Sotyktu (deucravacitinib) is a prescription drug that treats plaque psoriasis. Sotyktu comes as an oral tablet.

Sotyktu is prescribed to certain adults to treat plaque psoriasis that’s moderate or severe.

Sotyktu is an immunosuppressant (a drug that reduces the activity of your immune system). It’s important to note that Sotyktu is not recommended for use with other strong immunosuppressants. To learn more, see the “Is Sotyktu used for plaque psoriasis?” section below.

Sotyktu basics

Sotyktu contains the active ingredient deucravacitinib. (An active ingredient is what makes a drug work.)

Sotyktu belongs to a group of drugs called tyrosine kinase 2 blockers. It’s a biologic drug. A biologic drug is made from living cells. Sotyktu is available only as a brand-name drug. There isn’t a biosimilar for Sotyktu. (Biosimilars are like generic drugs. But unlike generics, which are made for nonbiologic drugs, biosimilars are made for biologic drugs.)

Keep reading to learn more about Sotyktu, including the drug’s side effects, cost, uses, and more.

Like most drugs, Sotyktu may cause mild or serious side effects. The lists below describe some of the more common side effects that Sotyktu may cause. These lists don’t include all possible side effects.

Keep in mind that side effects of a drug can depend on:

  • your age
  • other health conditions you have
  • other medications you take

Your doctor or pharmacist can tell you more about the potential side effects of Sotyktu. They can also suggest ways to help reduce side effects.

Mild side effects

Here’s a list of some of the mild side effects that Sotyktu can cause. To learn about other mild side effects, talk with your doctor or pharmacist, or read Sotyktu’s prescribing information.

Mild side effects of Sotyktu that have been reported include:

Mild side effects of many drugs may go away within a few days to a couple of weeks. But if they become bothersome, talk with your doctor or pharmacist.

* High levels of liver enzymes can be a sign of liver problems or damage. But liver damage wasn’t reported in Sotyktu’s studies.
† To learn more about this side effect, see the “Allergic reaction” section below.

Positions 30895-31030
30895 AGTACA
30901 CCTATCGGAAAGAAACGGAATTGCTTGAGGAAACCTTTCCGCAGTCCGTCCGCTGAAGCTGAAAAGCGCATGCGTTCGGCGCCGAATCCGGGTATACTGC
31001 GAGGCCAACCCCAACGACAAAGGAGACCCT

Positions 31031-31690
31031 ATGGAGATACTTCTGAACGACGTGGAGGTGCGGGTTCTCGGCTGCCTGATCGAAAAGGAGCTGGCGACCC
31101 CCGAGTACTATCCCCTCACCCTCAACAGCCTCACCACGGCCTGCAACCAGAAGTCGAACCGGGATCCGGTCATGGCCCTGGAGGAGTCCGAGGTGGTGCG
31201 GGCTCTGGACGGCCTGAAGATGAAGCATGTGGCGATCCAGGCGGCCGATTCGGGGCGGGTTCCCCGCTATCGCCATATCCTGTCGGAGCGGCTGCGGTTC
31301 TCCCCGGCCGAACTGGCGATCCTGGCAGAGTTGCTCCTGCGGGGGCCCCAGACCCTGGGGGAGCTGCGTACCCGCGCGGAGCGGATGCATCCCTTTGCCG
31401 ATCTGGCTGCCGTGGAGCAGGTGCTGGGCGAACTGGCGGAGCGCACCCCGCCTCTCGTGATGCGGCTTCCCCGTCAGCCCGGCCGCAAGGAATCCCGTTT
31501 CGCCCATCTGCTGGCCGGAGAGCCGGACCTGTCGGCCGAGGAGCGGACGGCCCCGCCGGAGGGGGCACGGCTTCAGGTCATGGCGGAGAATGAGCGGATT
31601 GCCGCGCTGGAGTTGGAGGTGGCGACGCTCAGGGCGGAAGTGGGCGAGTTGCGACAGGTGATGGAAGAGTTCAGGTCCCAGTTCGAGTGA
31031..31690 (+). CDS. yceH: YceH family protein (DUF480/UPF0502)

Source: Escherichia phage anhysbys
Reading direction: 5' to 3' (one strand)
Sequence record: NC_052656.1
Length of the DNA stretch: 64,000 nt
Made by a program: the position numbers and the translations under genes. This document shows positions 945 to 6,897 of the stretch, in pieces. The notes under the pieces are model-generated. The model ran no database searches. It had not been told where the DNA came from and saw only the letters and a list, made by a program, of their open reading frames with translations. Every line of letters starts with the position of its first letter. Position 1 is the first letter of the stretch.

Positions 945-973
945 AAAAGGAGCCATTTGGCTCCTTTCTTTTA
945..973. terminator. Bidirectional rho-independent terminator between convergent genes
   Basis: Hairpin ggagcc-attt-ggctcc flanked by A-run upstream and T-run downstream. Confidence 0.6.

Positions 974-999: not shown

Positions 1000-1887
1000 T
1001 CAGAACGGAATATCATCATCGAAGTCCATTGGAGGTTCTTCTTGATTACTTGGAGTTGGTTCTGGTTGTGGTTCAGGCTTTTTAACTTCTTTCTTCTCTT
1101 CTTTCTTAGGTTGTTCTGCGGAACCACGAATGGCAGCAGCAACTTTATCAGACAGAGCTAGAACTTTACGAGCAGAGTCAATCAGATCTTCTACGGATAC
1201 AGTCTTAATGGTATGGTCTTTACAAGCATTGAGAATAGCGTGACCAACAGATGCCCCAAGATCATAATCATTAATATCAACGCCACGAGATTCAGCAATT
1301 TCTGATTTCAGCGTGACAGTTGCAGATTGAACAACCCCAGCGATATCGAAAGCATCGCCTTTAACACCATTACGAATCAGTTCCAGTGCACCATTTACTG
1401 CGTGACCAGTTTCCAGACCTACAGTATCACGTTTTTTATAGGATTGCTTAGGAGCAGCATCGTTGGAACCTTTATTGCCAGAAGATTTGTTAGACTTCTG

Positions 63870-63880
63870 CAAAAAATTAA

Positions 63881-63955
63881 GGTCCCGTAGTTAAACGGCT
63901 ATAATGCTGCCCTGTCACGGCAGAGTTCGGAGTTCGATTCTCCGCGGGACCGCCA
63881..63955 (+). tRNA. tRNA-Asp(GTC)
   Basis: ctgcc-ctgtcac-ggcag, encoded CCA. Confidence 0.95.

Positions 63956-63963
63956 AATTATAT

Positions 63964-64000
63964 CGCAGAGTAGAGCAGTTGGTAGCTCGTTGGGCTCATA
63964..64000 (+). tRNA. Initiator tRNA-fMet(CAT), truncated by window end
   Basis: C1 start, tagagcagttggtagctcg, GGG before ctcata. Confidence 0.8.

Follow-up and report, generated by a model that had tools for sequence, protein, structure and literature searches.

Serious side effects

Serious side effects from Sotyktu can occur, but they aren’t common. If you have serious side effects from Sotyktu, call your doctor right away. But if you think you’re having a medical emergency, you should call 911 or your local emergency number.

Serious side effects of Sotyktu that have been reported include:

  • increased risk of serious infection, such as pneumonia and COVID-19
  • cancer, including lymphoma
  • a kind of muscle damage called rhabdomyolysis
  • severe allergic reaction*

* To learn more about this side effect, see the “Allergic reaction” section below.

Allergic reaction

Some people may have an allergic reaction to Sotyktu, although reports have been rare.

Symptoms of a mild allergic reaction can include:

A more severe allergic reaction is rare but possible. Symptoms of a severe allergic reaction can include swelling under your skin, usually in your eyelids, lips, hands, or feet. They can also include swelling of your tongue, mouth, or throat, which can cause trouble breathing.

Call your doctor right away if you have an allergic reaction to Sotyktu. But if you think you’re having a medical emergency, call 911 or your local emergency number.

Costs of prescription drugs can vary depending on many factors. These factors include what your insurance plan covers and which pharmacy you use.

If you have questions about how to pay for your prescription, talk with your doctor or pharmacist. A program called Sotyktu 360 Support and other resources are also available. To learn more, call 888-768-9588 or visit the drug’s website.

You can also check out this article to learn more about saving money on prescriptions.

Sotyktu treats moderate to severe plaque psoriasis in adults. Specifically, the drug is prescribed to adults who are considered for treatment with phototherapy (light therapy) or systemic therapy (treatment that affects the whole body).